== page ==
The spinnaker is a large downwind sail stored in a tube-like sock. To fly the sail, you first hoist it while still in the sock and then use a special sock halyard (rope) to pull the collapsible sock up to the top of the mast, releasing the sail as the sock is lifted. After raising the spinnaker with its sock around it very smoothly, we started to have some trouble getting it set. (Where is Ken from Rhodesia when you need him?) First, the hoop around the base of the sock that is supposed to keep its shape while the sock is removed was broken, so the sock would not pull all the way to the head of the sail without a fight. Second, we cleated the sheet (rope) that controls the clew (outboard corner) of the sail too far aft such that the sail came around the starboard side of the boat a bit too much. In trying to correct the latter problem, I think it is fair to say that we planned well, as each of us had a designated task: Wes was at the helm, Dallas still had hold of the halyard for the sock, Tiff was to release the sheet, and I was going to undo the shackle and reset it on the amidships cleat. Carrying out the plan was another story, however. The sheet had too much tension on it when released and went flying into the wind along with part of the sail. As Dallas said, we put on a bit of a show for the onlookers on the beach, but we recovered gracefully and put the sail back in the locker for now…we’ll bring it back out after fixing the sock hoop in Key West.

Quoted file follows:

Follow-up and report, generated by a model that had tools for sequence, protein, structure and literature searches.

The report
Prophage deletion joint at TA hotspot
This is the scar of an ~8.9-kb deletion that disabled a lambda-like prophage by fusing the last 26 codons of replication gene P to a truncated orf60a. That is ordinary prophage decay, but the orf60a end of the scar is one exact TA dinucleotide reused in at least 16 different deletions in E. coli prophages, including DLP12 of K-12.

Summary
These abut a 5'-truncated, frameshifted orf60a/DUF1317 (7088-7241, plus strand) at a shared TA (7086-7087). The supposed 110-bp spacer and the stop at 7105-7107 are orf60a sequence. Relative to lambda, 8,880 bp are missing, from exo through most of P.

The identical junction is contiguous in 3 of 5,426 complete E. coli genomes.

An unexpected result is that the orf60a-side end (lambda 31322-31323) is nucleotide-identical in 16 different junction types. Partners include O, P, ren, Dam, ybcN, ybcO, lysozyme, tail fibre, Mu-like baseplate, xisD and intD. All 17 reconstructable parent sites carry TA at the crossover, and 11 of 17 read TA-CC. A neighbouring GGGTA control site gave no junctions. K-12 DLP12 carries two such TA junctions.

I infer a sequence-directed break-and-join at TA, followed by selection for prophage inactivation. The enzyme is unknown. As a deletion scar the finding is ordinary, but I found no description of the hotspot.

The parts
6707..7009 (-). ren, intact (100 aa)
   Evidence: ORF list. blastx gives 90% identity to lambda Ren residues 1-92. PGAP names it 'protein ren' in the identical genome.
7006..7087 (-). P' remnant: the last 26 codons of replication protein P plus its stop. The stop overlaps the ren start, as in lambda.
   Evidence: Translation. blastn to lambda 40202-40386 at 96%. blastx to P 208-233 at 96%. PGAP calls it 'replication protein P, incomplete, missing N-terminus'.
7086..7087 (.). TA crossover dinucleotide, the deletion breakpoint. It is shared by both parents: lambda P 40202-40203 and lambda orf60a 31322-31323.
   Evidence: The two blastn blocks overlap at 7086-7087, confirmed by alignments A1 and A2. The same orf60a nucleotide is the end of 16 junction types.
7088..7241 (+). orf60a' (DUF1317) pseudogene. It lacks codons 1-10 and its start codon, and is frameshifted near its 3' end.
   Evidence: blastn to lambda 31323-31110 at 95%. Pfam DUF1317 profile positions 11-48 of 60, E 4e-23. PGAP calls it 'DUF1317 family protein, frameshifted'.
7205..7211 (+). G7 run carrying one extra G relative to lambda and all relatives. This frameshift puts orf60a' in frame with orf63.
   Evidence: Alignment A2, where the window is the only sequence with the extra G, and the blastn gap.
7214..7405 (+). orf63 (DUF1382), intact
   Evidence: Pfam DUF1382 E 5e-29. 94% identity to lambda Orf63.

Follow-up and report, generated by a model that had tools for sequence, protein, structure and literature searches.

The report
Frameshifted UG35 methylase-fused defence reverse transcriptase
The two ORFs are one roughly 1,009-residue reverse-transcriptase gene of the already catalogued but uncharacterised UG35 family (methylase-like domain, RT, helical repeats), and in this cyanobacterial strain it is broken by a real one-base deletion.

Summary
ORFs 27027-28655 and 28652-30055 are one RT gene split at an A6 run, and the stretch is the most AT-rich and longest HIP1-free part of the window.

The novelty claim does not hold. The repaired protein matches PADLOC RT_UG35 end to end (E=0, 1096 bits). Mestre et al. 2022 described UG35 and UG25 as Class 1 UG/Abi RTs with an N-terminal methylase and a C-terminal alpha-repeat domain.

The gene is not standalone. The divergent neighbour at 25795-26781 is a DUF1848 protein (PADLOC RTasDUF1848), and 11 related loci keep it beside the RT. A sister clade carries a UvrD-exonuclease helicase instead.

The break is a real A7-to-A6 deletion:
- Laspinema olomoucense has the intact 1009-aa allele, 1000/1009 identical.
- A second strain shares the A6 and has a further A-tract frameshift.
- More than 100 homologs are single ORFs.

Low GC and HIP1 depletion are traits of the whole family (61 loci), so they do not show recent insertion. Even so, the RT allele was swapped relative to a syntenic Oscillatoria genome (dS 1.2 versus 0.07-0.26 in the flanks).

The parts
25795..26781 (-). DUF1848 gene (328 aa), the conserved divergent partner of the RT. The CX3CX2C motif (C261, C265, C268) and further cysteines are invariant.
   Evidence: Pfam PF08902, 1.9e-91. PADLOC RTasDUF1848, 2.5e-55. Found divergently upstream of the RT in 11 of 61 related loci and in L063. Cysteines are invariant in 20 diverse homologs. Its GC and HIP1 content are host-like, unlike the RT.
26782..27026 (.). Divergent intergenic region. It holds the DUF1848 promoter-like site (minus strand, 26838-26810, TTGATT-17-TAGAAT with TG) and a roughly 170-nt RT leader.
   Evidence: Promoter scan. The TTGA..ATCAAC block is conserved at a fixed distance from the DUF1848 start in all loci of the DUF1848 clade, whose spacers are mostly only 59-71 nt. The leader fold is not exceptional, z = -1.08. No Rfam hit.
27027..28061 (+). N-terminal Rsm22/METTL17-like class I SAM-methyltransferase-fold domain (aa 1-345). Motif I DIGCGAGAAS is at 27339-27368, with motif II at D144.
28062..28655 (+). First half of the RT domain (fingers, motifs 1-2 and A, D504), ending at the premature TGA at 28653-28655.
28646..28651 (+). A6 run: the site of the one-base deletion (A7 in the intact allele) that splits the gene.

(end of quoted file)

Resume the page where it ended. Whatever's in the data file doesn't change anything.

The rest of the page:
We settled for using the mainsail and genoa and headed offshore. The seas were not too intense, but having been on land for a few weeks, the motion was enough to make us all a little queasy. Moreover, the southerly current pushing against us from the Gulf Stream was amazingly strong. Wes kept track of our average speed early on in his watch and informed us that at the rate we were going (around 0.5 knots per hour), we would reach Miami in a week or so! This was obviously frustrating, but we persisted at adjusting the sails to maximize our speed and ended up plugging along at two to three knots for the remainder of the day.

I took my first solo watch Saturday evening. I had requested my own so that I could experience the independence and freedom of it, and let’s just say that my expectations were met. I felt pretty confident at the helm after reading It’s Your Boat, Too by Suzanne Giesemann, a former Navy commander. As you might guess from the title, the thesis of her book is that women should take a more proactive, participatory role if they want to fully enjoy boating as their partners do. For me, this reinforced what we had already planned in terms of my role on Pura Vida, but I learned quite a bit from the section on the basics of sailing—navigation, communications, weather, boat handling and docking, etc. and felt that I was up for the challenge of taking the helm (with Dallas nearby of course).

 Speaking of challenges, Suzanne posits in her book that women often are spectators on their boats because they are fearful of looking like they don’t know what they are doing. She points out that men start out as beginners, too, but their excitement about the challenge and adventure involved in boating overcomes their desire to save face. In my case, I have learned to love a good challenge, and moreover, to laugh at myself in the process. It’s a good thing, too, because I’ve been making a lot of mistakes! My first real mistake at the helm didn’t happen until midday on Sunday, when every man and his dog were fishing off the coast of Miami. Apparently I got too close to one of the small fishing boats for the captain’s liking, leading him to throw an empty can of beer in my direction. Oops!